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Asher Cooper
Asher Cooper

How To Buy Shares In A Private Company



Historically, a private company stockholder would have to wait until the company goes public or gets acquired to get a return on investment of sweat equity or of early capital. But as the path from ideation to public listing has been extended this century, so has the pressure to obtain or enable a liquidity transaction.




how to buy shares in a private company



Stockholders in many private companies are increasingly participating in liquidity rounds,\" also known as secondary sales, where they sell shares of stock for cash before the company goes public. There are many factors that a holder or a private company should consider when deciding if and how to structure this type of transaction. Will a liquidity transaction help a company retain key talent, or is it enabling its own demise by helping its key talent achieve an early exit? Is it fair to those that are participating and those that are not given access? There are also specific steps a company can take to control secondary transactions in its stock in the future.


As with any transaction involving stock, the parties may have liability for disclosing relevant material and nonpublic information to the other parties (or for failing to make the disclosures!). This is critically important when the sellers do not have board-level details about the company. Whether the company has liability exposure will depend on its involvement and the relevance of any undisclosed information. Making disclosures to potential buyers can trigger leaks to competitors, customers, suppliers, or other ecosystem players that could be dangerous to the issuer of the stock.


A private company tends to feel pressure to provide liquidity to its stockholders as its value increases. So, whether you decide to engage in a liquidity transaction or permit your stockholders to sell while the company is private, setting your stockholder expectations both early and clearly can go far. Getting the details right will save you legal, accounting, HR, and tax headaches that are imminently avoidable.


Stockholders in many private companies are increasingly participating in liquidity rounds," also known as secondary sales, where they sell shares of stock for cash before the company goes public. There are many factors that a holder or a private company should consider when deciding if and how to structure this type of transaction. Will a liquidity transaction help a company retain key talent, or is it enabling its own demise by helping its key talent achieve an early exit? Is it fair to those that are participating and those that are not given access? There are also specific steps a company can take to control secondary transactions in its stock in the future.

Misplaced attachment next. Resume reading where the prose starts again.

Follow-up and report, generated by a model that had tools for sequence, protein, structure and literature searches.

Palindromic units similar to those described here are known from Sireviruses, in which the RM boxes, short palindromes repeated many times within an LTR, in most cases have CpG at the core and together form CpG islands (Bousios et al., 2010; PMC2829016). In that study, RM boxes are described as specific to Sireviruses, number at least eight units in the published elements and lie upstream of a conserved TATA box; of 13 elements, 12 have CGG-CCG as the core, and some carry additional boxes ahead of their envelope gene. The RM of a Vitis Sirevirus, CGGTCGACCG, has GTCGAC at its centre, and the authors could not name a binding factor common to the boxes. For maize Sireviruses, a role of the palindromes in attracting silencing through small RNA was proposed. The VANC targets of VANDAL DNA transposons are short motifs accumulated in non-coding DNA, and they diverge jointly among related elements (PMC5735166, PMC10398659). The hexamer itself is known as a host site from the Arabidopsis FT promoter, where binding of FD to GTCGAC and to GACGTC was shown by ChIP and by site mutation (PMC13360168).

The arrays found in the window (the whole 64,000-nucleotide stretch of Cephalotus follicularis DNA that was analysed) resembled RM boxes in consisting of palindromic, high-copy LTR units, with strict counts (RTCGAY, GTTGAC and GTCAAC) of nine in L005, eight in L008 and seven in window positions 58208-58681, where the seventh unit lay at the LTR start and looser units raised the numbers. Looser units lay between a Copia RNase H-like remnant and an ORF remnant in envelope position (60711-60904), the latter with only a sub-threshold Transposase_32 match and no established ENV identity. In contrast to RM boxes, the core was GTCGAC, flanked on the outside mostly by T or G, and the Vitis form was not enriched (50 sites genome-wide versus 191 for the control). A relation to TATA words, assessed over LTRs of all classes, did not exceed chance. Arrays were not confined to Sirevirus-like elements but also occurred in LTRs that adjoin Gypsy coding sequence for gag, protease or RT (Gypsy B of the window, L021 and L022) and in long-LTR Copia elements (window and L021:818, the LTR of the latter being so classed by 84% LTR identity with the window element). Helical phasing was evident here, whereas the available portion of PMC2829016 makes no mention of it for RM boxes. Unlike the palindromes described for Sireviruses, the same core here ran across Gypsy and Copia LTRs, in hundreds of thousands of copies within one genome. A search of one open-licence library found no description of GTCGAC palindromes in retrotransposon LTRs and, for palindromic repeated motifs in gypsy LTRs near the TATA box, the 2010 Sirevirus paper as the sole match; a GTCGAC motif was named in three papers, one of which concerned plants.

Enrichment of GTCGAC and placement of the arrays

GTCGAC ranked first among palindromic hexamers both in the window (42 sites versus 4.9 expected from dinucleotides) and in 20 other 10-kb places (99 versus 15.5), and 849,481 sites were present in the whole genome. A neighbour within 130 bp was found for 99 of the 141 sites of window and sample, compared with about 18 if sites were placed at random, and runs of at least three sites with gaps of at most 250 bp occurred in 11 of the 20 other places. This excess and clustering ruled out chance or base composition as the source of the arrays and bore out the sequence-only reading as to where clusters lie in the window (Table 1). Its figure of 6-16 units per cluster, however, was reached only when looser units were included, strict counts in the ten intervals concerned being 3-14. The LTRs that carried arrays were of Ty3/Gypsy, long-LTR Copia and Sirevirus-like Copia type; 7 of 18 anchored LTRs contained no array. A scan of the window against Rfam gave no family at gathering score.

Offering shares in a private company is one way to raise capital to grow the business. There are some differences between selling shares in a private company versus a public one. When you sell shares in a private business, you give up some ownership in the company.


One of the most time-tested ways to raise capital for a business is to issue private company stock. Private stock offerings are a type of equity financing. It gives investors who purchase the private shares an ownership stake in the company.


In exchange for obtaining money to grow your business, you give up sole ownership. Later, you may decide to pay the investors back and take back equity, or you may keep them on as part-owners until you sell your company.


A lot of business owners like private stock placements because they give the owners more control versus an initial public offering (IPO). A private offering typically limits the number of shareholders. In an IPO, however, the number of investors could be in the hundreds or thousands.


There's also the matter of adherence to the Securities and Exchange Commission (SEC) rules and extensive public disclosure filings with public stock offerings. Most private stock offerings don't have to be registered with the SEC. It's generally quick and affordable to prepare them.


The first thing you should do in getting ready for a private stock offering is to obtain an independent business valuation. With this valuation, you'll see what your company's market value is. Then, you'll be able to determine the private share value.